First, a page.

If you want to go deep into the rabbit hole, the Federal Highway Administration has a surprisingly fascinating handbook on traffic detection. It’s slightly out of date at 2006, but covers most of these topics in great detail. If you know the story behind sensor technologies that I didn’t cover, we’d love to hear about the in the comments below.


Filed under: Featured, History, Original Art

Super Simple Hydraulics Using Syringes

พุธ, 08/09/2017 - 18:00

When making a toy excavator arm, or any robotic arm, the typical approach is to put motors at the joints, or if there isn’t room, to put the motors somewhere else and transfer the force using fishing line and pulleys. [Navin Khambhala] chose instead to do it more like the real excavators, with hydraulics using syringes. And we have to admit, the result it pretty elegant in its simplicity.

The syringes do the job of single-acting hydraulic actuators, one at the motor and the other where the force is needed. In between them, what appears to be clear vinyl tubes carry the fluid between syringes. 12 volt DC motors with bolts on them move nuts attached to the syringe pistons to push and pull the pistons. It is so simple that no further explanation is needed, though like most apparently simple things, we’re sure a lot of effort went into making it that way. The video below shows the finished product, as well as walks through the making of it.

And as for other methods of transferring force, for the ‘fishing line’ one, see or own [Joshua Vasquez]’s detailed articles on making working tentacles. For putting the motors at the joints the Pixar style lamp is always a fun one.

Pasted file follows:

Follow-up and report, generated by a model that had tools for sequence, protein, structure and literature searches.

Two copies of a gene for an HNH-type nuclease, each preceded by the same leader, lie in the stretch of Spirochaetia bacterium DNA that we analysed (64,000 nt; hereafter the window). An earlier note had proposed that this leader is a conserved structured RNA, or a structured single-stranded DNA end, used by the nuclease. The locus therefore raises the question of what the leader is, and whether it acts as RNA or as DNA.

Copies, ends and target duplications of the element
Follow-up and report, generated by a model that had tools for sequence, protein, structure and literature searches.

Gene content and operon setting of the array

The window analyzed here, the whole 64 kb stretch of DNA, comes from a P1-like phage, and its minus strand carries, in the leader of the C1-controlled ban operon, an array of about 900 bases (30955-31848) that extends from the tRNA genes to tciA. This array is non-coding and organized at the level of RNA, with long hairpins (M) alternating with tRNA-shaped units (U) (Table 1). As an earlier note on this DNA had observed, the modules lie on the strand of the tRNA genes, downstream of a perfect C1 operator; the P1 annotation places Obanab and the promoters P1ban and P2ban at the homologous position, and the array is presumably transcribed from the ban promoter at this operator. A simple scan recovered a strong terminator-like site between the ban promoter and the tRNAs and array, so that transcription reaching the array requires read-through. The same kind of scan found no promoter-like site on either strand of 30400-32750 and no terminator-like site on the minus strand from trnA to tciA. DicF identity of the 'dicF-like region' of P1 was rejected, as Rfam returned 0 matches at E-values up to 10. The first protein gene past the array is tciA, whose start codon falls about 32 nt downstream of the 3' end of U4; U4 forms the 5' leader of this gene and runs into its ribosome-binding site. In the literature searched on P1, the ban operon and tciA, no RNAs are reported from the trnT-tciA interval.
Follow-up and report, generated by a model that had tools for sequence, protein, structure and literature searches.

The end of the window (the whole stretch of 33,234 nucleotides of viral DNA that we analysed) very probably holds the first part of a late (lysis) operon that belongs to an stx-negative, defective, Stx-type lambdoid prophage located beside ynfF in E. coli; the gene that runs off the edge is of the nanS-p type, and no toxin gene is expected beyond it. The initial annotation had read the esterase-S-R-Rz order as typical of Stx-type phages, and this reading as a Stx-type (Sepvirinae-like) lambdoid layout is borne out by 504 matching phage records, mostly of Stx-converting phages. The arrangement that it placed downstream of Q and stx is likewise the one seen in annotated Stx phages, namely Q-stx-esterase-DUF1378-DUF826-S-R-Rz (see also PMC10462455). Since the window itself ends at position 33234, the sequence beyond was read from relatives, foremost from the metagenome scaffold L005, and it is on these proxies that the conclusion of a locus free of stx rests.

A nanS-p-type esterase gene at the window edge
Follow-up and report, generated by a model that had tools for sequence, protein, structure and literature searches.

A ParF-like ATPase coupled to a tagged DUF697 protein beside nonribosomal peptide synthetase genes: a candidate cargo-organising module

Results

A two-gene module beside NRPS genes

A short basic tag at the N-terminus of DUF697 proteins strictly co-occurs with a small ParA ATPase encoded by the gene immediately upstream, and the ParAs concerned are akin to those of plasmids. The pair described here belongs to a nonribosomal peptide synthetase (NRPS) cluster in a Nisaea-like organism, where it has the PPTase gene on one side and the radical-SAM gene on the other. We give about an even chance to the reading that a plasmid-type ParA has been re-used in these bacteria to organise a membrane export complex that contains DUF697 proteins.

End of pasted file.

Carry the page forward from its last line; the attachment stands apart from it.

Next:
Filed under: robots hacks

Laser Cut Enclosures from Eagle Files

พุธ, 08/09/2017 - 15:00

Once a project is finished, it might still need a decent enclosure. While it’s possible to throw a freshly soldered PCB in a standard enclosure, or piece of Tupperware, or cardboard box, these options don’t have the fit and finish of something custom-made. If you have a laser cutter sitting around, it’s a simple matter to cut your own enclosure, but now that process is much easier thanks to [Ray]’s latest project.

Since [Ray] was already using Eagle to design his PCBs, it seemed like a short step to using the Eagle files to design the enclosure as well. The script runs from those files and creates everything necessary to send to the laser cutter for manufacturing. Right now, [Ray] points out that the assembly time for each enclosure can be high, and this method might not be suited for large numbers of enclosures. Additionally, some of the calculations still need to be done by hand, but there are plans to automate everything in the future.

For single projects, though, this script could cut a lot of time off of designing an enclosure and building it from scratch, and could also help improve aesthetics over other options like 3D printed enclosures. Of course, if you have a quality 3D printer around but no laser cutter, there are options for custom enclosures as well.


Filed under: laser hacks

ColibriNANO USB SDR Receiver Reviewed

พุธ, 08/09/2017 - 12:00